Madden NFL 09 Review
A few key gameplay additions and enhancements make this year's Madden great despite some unseemly flaws.
Longtime fans of the series will recognize the "all new" Madden Challenge feature. These challenges, which have appeared in some form or another in some earlier Madden games, let you try your hand at reliving some of the more dramatic moments of the 2007 NFL season. This is a good way of quickly placing yourself in a variety of different high-pressure situations, but the sometimes punishingly difficult/cheap AI, combined with the repetitive nature of many of the challenges, ensure that the fun is short-lived. One final new mode lets you use your console to track fantasy football teams created (for free) on the EA Sports Web site. At the time of this review the NFL season hadn't yet started, so we were unable to see the stat-tracking mode in action. It's not going to make up for the game's lousy online leagues, but its inclusion will likely please those looking to manage their Madden and fantasy football addictions at the same time.
The rest of the game modes are holdovers from last year. Franchise mode is solid. The simulated statistics seem to be fairly accurate, and it's certainly fun to take the reins of a franchise, but the mode has received only cursory attention since last year, and you can still sign overpriced free agents and package them into deals for draft picks and star players. That's more than can be said for Superstar mode, which is virtually indistinguishable from its 08 incarnation. If you've never tried to take a created player or rookie from his first training camp to the Hall of Fame, there's some fun to be had here, but if you've previously put up with the lame training events, obnoxious agents, and inane e-mails from your in-game mom, there's nothing here that warrants another look.
Madden 09 is easily the best-looking Madden to date. The presentation now features more dynamic camera angles, and player emotion is a bigger part of the game than ever thanks to new touchdown celebrations. By running to a highlighted area of the end zone and pressing a button after a score you can dunk the ball over the goalpost, climb up the wall to bask in the admiration of the fans, and more. The dunks often don't work and they look kind of terrible, but the rest of the celebrations are cool--especially when you steal another player's move. You can do Chad Johnson's River Dance or Steve McNair's hands-to-the-helmet pose, or you can taunt Denver fans with the Mile High salute. Other player animations are top-notch, and if you play enough you'll notice some great little touches, such as kickers tackling just as awkwardly as they do in real life. You'll see some odd transitions and quirky moves upon close inspection of replays (which can be uploaded and shared online), but you'd be hard pressed to notice most of these instances during gameplay.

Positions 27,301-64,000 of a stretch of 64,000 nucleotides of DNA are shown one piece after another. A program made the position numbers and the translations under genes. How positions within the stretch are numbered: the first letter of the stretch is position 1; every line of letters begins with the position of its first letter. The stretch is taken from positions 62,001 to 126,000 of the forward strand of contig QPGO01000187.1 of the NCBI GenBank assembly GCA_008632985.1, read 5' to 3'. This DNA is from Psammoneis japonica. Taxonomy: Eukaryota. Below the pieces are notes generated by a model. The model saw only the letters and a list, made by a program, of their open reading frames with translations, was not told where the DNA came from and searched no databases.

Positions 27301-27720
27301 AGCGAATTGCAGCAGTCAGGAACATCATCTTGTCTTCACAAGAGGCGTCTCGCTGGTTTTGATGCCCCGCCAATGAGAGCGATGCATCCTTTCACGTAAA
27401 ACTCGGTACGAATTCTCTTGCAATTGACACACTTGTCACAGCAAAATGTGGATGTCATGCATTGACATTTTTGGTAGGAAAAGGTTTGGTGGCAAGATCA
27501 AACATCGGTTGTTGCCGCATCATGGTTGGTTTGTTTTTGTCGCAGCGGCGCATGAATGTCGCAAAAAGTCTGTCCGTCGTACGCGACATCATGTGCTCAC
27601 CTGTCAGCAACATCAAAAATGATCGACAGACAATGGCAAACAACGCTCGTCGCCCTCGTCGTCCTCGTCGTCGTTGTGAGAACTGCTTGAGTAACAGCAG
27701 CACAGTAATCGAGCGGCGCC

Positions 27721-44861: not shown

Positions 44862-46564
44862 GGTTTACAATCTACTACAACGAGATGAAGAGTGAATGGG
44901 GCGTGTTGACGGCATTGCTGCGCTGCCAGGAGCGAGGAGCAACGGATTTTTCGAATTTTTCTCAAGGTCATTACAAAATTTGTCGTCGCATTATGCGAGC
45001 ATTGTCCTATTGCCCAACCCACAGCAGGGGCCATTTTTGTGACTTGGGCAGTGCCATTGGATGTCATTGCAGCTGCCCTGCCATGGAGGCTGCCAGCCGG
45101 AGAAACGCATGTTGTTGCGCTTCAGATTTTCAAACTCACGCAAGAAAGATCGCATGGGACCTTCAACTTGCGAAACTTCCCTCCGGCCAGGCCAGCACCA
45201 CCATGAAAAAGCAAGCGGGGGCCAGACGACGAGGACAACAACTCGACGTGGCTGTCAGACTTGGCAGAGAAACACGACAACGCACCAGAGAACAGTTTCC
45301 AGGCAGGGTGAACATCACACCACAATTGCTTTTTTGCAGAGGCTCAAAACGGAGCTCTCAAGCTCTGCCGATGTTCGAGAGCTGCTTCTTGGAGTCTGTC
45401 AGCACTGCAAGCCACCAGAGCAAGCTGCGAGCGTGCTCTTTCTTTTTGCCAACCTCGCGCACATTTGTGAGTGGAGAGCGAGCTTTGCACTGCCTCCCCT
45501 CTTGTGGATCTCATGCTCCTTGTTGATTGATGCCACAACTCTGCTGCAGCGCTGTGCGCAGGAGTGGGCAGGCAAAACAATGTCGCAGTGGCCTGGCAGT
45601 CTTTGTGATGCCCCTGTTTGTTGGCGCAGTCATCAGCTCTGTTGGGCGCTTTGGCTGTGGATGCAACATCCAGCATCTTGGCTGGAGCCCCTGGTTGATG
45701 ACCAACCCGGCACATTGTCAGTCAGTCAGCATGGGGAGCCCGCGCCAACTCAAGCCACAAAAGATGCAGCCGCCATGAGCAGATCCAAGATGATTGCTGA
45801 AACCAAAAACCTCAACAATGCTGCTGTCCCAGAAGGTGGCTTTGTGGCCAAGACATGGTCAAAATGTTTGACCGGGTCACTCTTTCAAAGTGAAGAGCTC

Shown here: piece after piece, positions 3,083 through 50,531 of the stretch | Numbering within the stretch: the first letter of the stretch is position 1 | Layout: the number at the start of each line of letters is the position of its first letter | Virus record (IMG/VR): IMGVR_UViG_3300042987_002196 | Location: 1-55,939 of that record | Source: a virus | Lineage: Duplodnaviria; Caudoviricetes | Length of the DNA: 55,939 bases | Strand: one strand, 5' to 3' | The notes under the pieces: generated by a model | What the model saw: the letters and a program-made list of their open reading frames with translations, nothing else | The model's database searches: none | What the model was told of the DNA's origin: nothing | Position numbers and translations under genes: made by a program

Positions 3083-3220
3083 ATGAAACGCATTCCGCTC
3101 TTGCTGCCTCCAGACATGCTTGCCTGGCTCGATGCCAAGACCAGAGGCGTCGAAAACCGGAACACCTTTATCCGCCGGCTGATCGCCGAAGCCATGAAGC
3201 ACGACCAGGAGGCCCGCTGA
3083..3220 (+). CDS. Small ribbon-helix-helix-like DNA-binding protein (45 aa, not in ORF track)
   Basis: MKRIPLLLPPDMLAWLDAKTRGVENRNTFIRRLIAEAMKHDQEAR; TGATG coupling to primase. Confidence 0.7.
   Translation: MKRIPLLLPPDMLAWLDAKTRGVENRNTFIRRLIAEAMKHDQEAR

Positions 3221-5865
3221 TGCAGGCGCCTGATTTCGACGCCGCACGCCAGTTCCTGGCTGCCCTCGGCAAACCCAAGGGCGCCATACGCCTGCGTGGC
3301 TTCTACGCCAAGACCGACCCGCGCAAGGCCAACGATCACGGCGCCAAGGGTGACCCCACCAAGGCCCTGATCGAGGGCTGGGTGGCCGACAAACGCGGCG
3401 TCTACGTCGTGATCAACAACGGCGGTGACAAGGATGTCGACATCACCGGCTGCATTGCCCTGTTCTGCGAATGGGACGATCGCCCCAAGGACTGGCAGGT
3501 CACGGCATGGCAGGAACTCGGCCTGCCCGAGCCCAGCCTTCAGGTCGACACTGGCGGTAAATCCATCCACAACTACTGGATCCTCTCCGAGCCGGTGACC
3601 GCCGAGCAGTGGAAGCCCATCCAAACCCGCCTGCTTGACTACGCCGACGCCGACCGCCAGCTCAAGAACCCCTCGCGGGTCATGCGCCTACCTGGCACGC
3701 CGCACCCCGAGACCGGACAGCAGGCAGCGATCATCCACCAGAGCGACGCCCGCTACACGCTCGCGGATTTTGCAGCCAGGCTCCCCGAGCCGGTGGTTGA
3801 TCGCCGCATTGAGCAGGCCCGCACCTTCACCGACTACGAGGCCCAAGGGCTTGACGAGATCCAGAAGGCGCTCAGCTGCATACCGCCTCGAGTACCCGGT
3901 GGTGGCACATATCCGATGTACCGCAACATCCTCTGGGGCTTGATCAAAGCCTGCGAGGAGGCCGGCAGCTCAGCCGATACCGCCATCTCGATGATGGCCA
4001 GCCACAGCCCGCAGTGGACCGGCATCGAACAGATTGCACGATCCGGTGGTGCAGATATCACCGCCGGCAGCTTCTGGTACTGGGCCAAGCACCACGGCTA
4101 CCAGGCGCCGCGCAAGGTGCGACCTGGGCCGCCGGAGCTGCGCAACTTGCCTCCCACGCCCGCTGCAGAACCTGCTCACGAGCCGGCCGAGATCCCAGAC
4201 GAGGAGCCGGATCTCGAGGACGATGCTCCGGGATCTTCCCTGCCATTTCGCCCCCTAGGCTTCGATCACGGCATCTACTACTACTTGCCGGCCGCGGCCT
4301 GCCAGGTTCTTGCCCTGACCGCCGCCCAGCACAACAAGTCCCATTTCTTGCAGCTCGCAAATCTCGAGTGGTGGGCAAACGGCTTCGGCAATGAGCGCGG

Stadiums aren't blurry anymore, and they feature more detail than ever--they look great. Snow and rain effects have been cranked up to where it feels as if you're playing in a blizzard or monsoon. By the end of a game in the rain, players' uniforms will be absolutely filthy. You'd have been grounded for a week if you had come home that dirty when you were a kid. The only knock against the weather is that field conditions don't seem to degrade as the game progresses. It's odd to have players caked in mud when the grass looks like the fairways at Augusta. You may notice some stuttering before and after plays, but when the ball's in play, the frame rate is as fast and smooth as you could hope for.
Cris Collinsworth is easily the highlight of Madden 09's audio. His commentary is timely, accurate, and insightful, and it sounds perfectly natural. Imagine having one of the best commentators in the league standing next to you talking about your grudge match against your little brother like it's a real-life showdown in the playoffs--that's how good Cris is here. On the other side of the coin is play-by-play announcer Tom Hammond's performance. It's bad enough that he'll remind you that the game is "brought to you by EA Sports" several times per game, but his choppy, vague, and monotone play calling will almost make you miss the radio-style announcer from previous years. Almost. John Madden might be one of the greatest announcers of all time, but you'd never know it by listening to the game that bears his name. His vaunted "return" to the franchise is limited to brief pregame introductions as well as one or two sentences at halftime and the end of the game. He barely even talks during "ask Madden" plays; occasionally he'll explain why he's suggesting a play, but a vast majority of the time he doesn't say a thing.
The Madden series has been so good for so long that the bar for each yearly release is extremely high. And it's because standards are so high that, while it's still great, Madden 09 could have been better. For every addition, like the backtrack feature, Collinsworth, or improved visuals, there's a problem that rears its ugly head, like the unchanged Superstar mode, poor pass coverage in the middle of the field, or underwhelming online leagues. Newcomers will still face a steep learning curve, but if you're a football fan or series veteran, you can't go wrong with Madden 09.
- Player Reviews: 167
- Game Universe:
- Madden NFL 2004 (PS, GC, GBA, PS2, XBOX, PC),
- Madden NFL 2000 (PC, GBC, N64, PS, MAC),
- Madden NFL 2001 (PS2, PS, GBC, N64, PC),
- Madden NFL 97 (PC, PS, GEN, SAT, GB, SNES),
- Madden NFL 98 (PC, PS, GEN, SNES, SAT),
- Madden NFL 99 (PC, N64, PS),
- Madden NFL '94 (GEN, SNES),
- Madden NFL 95 (GEN, GB, GG, SNES),
- Madden NFL 96 (GEN, GB, GG, SNES, PC, PS),
- Madden NFL 2002 (PS2, GC, PC, PS, N64, XBOX, GBC, GBA)
- Offline Modes:
Competitive, Cooperative, Team Oriented
- Online Modes:
- Number of Players:
- Number of Online Players:
4 Players Online